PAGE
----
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I thought this was an accomplished film. In some ways, it was the film experience I was hoping for from Young Ahmed in that it allowed me to understand and empathize with characters even if/when I didn't always agree with their choices.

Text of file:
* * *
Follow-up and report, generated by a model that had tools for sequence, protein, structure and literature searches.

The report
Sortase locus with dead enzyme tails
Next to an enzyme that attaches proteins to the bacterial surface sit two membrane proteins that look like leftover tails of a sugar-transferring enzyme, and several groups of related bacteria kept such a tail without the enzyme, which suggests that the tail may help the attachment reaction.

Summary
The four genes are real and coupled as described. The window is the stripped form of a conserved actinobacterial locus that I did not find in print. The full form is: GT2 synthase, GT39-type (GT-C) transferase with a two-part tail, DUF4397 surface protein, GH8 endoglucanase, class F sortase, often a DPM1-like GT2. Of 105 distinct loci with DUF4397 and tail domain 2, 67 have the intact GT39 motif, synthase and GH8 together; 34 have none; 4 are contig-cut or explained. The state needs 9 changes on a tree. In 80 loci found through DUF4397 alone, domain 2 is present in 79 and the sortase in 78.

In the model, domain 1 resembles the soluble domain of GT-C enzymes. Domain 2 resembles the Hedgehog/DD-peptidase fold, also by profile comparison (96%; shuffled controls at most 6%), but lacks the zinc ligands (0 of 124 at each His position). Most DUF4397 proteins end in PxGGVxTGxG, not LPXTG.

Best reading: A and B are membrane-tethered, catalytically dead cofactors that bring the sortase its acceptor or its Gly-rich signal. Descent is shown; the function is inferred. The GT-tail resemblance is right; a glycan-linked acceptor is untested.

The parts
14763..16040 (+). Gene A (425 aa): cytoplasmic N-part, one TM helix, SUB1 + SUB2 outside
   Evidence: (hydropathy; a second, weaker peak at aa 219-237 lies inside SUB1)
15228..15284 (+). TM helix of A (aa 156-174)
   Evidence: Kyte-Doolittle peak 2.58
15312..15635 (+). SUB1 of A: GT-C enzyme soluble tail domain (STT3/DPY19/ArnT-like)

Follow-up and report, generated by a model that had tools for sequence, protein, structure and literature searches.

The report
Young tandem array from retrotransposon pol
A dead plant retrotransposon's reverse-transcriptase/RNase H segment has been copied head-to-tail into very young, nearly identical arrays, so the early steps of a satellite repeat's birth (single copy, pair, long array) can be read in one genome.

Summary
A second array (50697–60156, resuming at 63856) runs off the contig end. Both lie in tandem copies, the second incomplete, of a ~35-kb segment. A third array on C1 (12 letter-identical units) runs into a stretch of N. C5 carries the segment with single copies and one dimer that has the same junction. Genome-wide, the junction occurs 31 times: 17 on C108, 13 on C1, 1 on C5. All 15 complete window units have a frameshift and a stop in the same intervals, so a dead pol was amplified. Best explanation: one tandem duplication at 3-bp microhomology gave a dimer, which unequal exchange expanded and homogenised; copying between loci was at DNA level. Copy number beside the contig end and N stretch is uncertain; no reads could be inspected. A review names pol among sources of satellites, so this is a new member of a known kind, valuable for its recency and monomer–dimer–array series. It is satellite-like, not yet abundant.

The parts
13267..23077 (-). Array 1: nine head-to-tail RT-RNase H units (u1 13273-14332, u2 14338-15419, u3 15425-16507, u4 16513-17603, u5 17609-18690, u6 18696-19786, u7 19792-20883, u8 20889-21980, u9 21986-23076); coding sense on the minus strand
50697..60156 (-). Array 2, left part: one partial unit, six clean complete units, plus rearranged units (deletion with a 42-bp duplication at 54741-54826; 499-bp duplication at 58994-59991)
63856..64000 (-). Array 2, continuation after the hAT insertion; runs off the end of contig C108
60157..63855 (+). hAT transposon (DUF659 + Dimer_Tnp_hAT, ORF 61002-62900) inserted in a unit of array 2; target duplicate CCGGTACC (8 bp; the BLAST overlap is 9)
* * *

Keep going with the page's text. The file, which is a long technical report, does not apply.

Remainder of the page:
Nakom is understated but implacable at illustrating the impossibility of negotiating any middle ground between independence and enmeshment. When Iddrisu visits Napoleon, his uncle to whom the family owes debts, the hardened relative starts to beat his granddaughter. The young man can abandon those unable to care for themselves or he can put his own life and labor on the line to try to save them. There are no half measures. He can continue to try to extricate and distance himself from his home situation…if his conscience will allow him to do so, but he appears unlikely to make things right before he leaves. He senses, as do we, that each day that passes makes him less likely to leave at all, that a dream deferred will almost inevitably become a dream abandoned.


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